BOOK REVIEWjune 28, 2008 EPW Economic & Political Weekly82and to wholesome hill stations. Senior positions in the railway bureaucracy and traffic (especially as drivers) were reserved for Britons, and domiciled Europeans (generally Europeans who retired from the lower ranks of the army) and Anglo-Indians were recruited for upper level sub-ordinate positions such as firemen. Rail-way colonies with hierarchical spatial arrangements were constructed to moral-ly discipline domiciled Europeans and Anglo-Indians and to provide sanitary liv-ing arrangements for key personnel. In contrast Indian workers were left to con-struct their own “villages” on the fringes of the colonies. Thus British policies fostered the evolution of Anglo-Indians as a rail-way caste with morality based on Protestant ethics and physical emblems of respecta-bility ranging from temperance to western food, dress, and forms of recreation.Chapters two to five examine how poli-cies and their implementation by the rail-way bureaucracy impacted Indian society more broadly. Chapter two begins with an investigation of how the placement and architecture of railway stations and the formation of railway workers into the Railway Volunteers Infantry Crops with police powers reflect British efforts to se-cure the railways from attack. An exami-nation of the division of railway carriages into various class and gender categories that created new distinctions within Indian society follows. Noteworthy is how rail-way staff sexually targeted Indian women travelling alone in third class who were viewed as sexually available because they were not with family members and thus could not travel in family compartments. Chapter three delineates British policies that created and disciplined railway castes. Physical examinations by the medical pro-fession categorised the race and class of prospective employees. Being a European, domiciled European, Anglo-Indian, or Indian (Christian or otherwise) determined one’s job classification, pay, and housing assign-ment. Separate schools, especially boarding schools, for Anglo-Indian childrenre-moved them from any “harmful” influences of their parents, inculcatedmoralrigour andEuropeanrituals, and prepared them for adult roles – girls to be mothers of loyal Anglo-Indians and guardians of their husbands’ character and boys for the railways. Despite the government efforts at physical segregation, Bear highlights the permeability of the boundaries be-tween the railway colonies and the broad-er world of India, especially Kolkata.Labour UnrestChapters four and five explore labour unrest, union activities, and the increas-ingly violent bureaucratic discipline of railway workers during the early decades of the 20th century. A series of strikes, particularly after 1919, led to the employ-ment of minority groups such as the Sikhs, Indian Christians and Parsis as well as more Anglo-Indians who were viewed as loyal, rootless and easily transferred among railway centres. During the labour unrest in the 1920s, Indian nationalists began to label Anglo-Indians an alien community since they were not pure blooded Indians while the British consid-ered that Anglo-Indians were not quite moral, loyal or diligent enough to be Brit-ish. In chapter five Bear analyses the lan-guage of petitions from railway workers for whom petitions were the sole means of seeking redress from what workers deemedarbitrarytreatment by their supe-riors despite reforms implemented after the Royal Commission on labour in 1930. Union leaders who acted as brokers between officials and labourers, the petitioning la-bourers and the officials all invoked the lack of morality as basis for protests and for the generally negative responses. Al-though this analysis of the ways in which “the typologies of respectability, race, community, and morality were now deep-ly entangled with the experiences of both Anglo-Indian and Indian railway families” (p 134) demonstrates the persistence of colonial categories, a fuller scrutiny of the people and issues in specific petitions would have enhanced our understanding of the grievances of subaltern workers.Chapter six provides a crucial transition between Bear’s archival research in PartI to her ethnography in PartII. As recommended by the Lee Commission on Indianisation of the Indian public services in 1924, the Eastern Indian Railway began to collect files on the nationality of its Anglo-Indian, domiciled and Indian Christian employees. Shifting from the past criteria of pedigree or birth, namely the fact of a European man in one’s blood-line, this archive now classified employees on the basis of domicile that was deter-mined by education in, ownership of prop-erty in and kinship links by marriage with Britain. Thus class became critical since economic resources were necessary to ac-quire education or maintain property in and kinship links with Britain. Nationality had to be traced through documents and by proving European affiliations. Now that British bureaucrats emphasised domicile and rejected pedigree in an effort to create a more de-racialised form of citi-zenship, Indian nationalists argued that this affiliation disqualified Anglo-Indians from belonging to the Indian nation (p 152). By 1947 the Anglo-Indians were what Bear labels a ‘jati’ without a homeland so that railway colonies became their desh or homeland, remembered with nostalgia but also a place to escape from.Post-colonial SituationThe ethnographic Part II has four chapters that delineated the post-colonial situation of Anglo-Indians who had been associated with the railways in the colonial era. Many of her subject families retained some con-nections with the railways or the railway colonies; but some of their children joined other occupations, especially teaching. In chapter seven Bear introduces her argu-ment that love between the conjugal couple is the bedrock of intimacy and ties within Anglo-Indian families. Frequently love for a mother and father was the rea-son a child did not marry or emigrate. A corollary is that the belief in and partici-pation in rituals of Catholicism along with a concept the community as a jati under-pins Anglo-Indian families in the post- colonial period. Besides tracing the voic-ing of the presence of love, intimacy, Catholicism and a sense of community in conversations with Anglo-Indian families, Bear documents material evidence of such bonds in the ubiquity of family photographs and Catholic icons, especially of the sacred heart and the virgin Mary in Anglo-Indian households. Here one would appreciate some exploration of why these Anglo-Indians were Catholic rather than Protestant, especially since Catholicism was associated more frequently with Irish rather than the English, Scots or Welsh.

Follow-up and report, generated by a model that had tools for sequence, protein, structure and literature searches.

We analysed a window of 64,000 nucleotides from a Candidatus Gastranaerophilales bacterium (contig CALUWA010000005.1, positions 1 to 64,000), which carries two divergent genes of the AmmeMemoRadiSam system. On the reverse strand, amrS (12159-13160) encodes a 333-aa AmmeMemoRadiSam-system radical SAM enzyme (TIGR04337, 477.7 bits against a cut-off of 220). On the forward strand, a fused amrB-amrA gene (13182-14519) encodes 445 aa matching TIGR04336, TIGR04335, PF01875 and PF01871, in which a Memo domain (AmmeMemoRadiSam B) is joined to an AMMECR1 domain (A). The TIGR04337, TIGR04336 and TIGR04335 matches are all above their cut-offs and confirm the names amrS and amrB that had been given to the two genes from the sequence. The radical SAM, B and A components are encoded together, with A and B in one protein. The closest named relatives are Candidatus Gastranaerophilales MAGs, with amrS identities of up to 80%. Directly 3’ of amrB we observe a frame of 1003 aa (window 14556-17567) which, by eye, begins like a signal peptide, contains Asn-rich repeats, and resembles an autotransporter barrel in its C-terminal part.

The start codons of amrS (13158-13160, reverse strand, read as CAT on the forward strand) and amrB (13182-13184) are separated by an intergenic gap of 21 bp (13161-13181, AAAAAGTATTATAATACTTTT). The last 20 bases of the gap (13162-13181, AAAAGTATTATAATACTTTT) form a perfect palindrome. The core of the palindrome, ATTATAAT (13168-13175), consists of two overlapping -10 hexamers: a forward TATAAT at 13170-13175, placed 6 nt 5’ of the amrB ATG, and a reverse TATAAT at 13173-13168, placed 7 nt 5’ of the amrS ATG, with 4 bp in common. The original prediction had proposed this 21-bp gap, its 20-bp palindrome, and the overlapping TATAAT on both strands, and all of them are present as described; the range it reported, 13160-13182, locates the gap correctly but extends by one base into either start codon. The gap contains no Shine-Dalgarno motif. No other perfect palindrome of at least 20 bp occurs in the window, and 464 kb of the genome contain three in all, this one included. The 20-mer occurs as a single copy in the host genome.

BOOK REVIEWEconomic & Political Weekly EPW june 28, 200883Bear’s in-depth descriptions of the Ahmed, the Vanjos, the Campbell, and the Dover family in Kharagpur and the Jones family in Kolkata enliven her theoretical discussion of the ties that bind and the is-suesthat threaten the existence of Anglo-Indian families in Bengal. Although most of these Anglo-Indian informants hesitated to respond to questions about their fami-ly’s history, they tended to structure any family histories according to procedures of the railway archive and frequently lament their lack of official documents from the earlier generations of their families. Baptismal records were sometimes availa-ble but they lacked legitimacy with the railways, the Anglo-Indian Association or governments when Anglo-Indians applied to migrate. Many Anglo-Indians were aware that their bodies, especially skin colour, bodily habits such as sitting at a table to eat, and dress, were major factors in com-municating their identity along with their religious community and schooling in ap-propriate English-language institutions. In chapter eight Bear asserts that “The present–orientation and bilateral reckon-ing of family ties has made them [Anglo-Indians] highly flexible in a historical con-text of abandonment [by the British], in-stitutionalisation, and fluctuating socioe-conomic fortunes” (p 198). Because her life histories of these families are so vivid, readers would appreciate knowing if their names were pseudonyms and when their responses and recollections were obtained, especially since Bear states that her dis-sertation research was done in India between 1993 and 1997 and her book has appeared in 2007. One wonders how these Anglo-Indian families have coped with the effects of globalisation. But this desire arises only because the richness of Bear’s narrative makes the reader want to know more about these families.Written in clear prose with graphic de-tails to illustrate perceptive arguments, Lines of the Nation illustrates the value of multidisciplinary research that bridges the great divide between the colonial and inde-pendence eras of Indian history. Because it makes substantial contributions to the study of railways, labour, families, and Anglo-Indians over the course of a tumultuous century, Bear’s work is a signal achievement.Email: Barbara.Ramusack@uc.eduEntertaining ReflectionsK S Krishnaswamy Deena Khatkhate should be a familiar name to readers of this journal, to which he has been a valued con-tributor for several decades. He will be specially remembered for his writings on economic and monetary matters. In this book, however, he appears in a different avatar, as a commentator on persons, places and perceptions, flitting from one to another with acute observations. Most of these pieces are culled from his earlier writings inEPW, with some from The Times of India, Business Standard or other publications – to recapture, as he says, the “passion, idealism and social awareness” of his earlier youth. Containing around 80 short impressions or reflections, it is a selection which should be savoured in bits and pieces rather than as a whole.Though Deena writes on familiar themes or Indian economists of repute, his viewpoints often differ from common perceptions. This applies particularly to those grouped under “Americana” and “Indica”. Unlike the young and well heeled in India who are fascinated by all things American, he is not enamoured of that country’s society or culture. He feels deeply for the homeless, for children for whom the future is bleak, unwed mothers and unwanted parents and sundry others who constitute the dregs in that melting pot of economic and social cultures. He is “dis-combobulated” (rather than disturbed) by the “scatological chaos” that characterises their life, language or art. A quality differ-ence that is forgivable or forgettable in their own culture becomes unforgivable elsewhere. Khatkhate is not unaware of the social discipline, respect for law, effi-cient organisation, patriotism and so forth which are also impressive features of the United States. But in these short pieces he gives vent to his anger or disgust that a people who have so much going in their favour yet wallow in filth. Maybe this is implicit in the essential freedoms embodied in their constitutions. Even so, Deena finds it all very unsavoury.‘Indica’Ruminations on India of the 1980s and 1990s figure in the “Indica” section, which is more solid than Deena’s reflections on America. This was a period of transition from Nehruvian planning to the market and private enterprise. When things came to a head in 1991, the era of government controls gave way to reforms, fiscal man-agement, devaluation and so forth. As the government withdrew from the commanding heights, the private corpo-rate sector quickly moved in. Political power shifted from agriculture to industry and services, from rural to urban India, fromthepublic to the private sector. A closed economy gradually became more open, one which welcomed globalisation. For Khatkhate, who by then had been firmly established in the IMF, this transi-tion was clearly heart-warming. All this comes through vividly in his riddles of India’s economic growth and in his tributes to economists, administrators and others in the next part – persons whose heterodoxy he admires and whose philosophies he finds generally agree-able. Much of this is already familiar to those who have read his writings on monetary and financial policy.Far more interesting are his reflections on countries which have been caught up one way or another in the ideological conflict between the communist and capitalist behemoths. There is Afghanistan where theUS encouraged and armed the Mujahideen to oust the Russians, only to find them turn against theUS; or Japan and Germany which America helped Ruminations of a Gadfly: Persons, Places, Perceptionsby Deena Khatkhate;Academic Foundation, New Delhi, 2008; pp 409, Rs 795.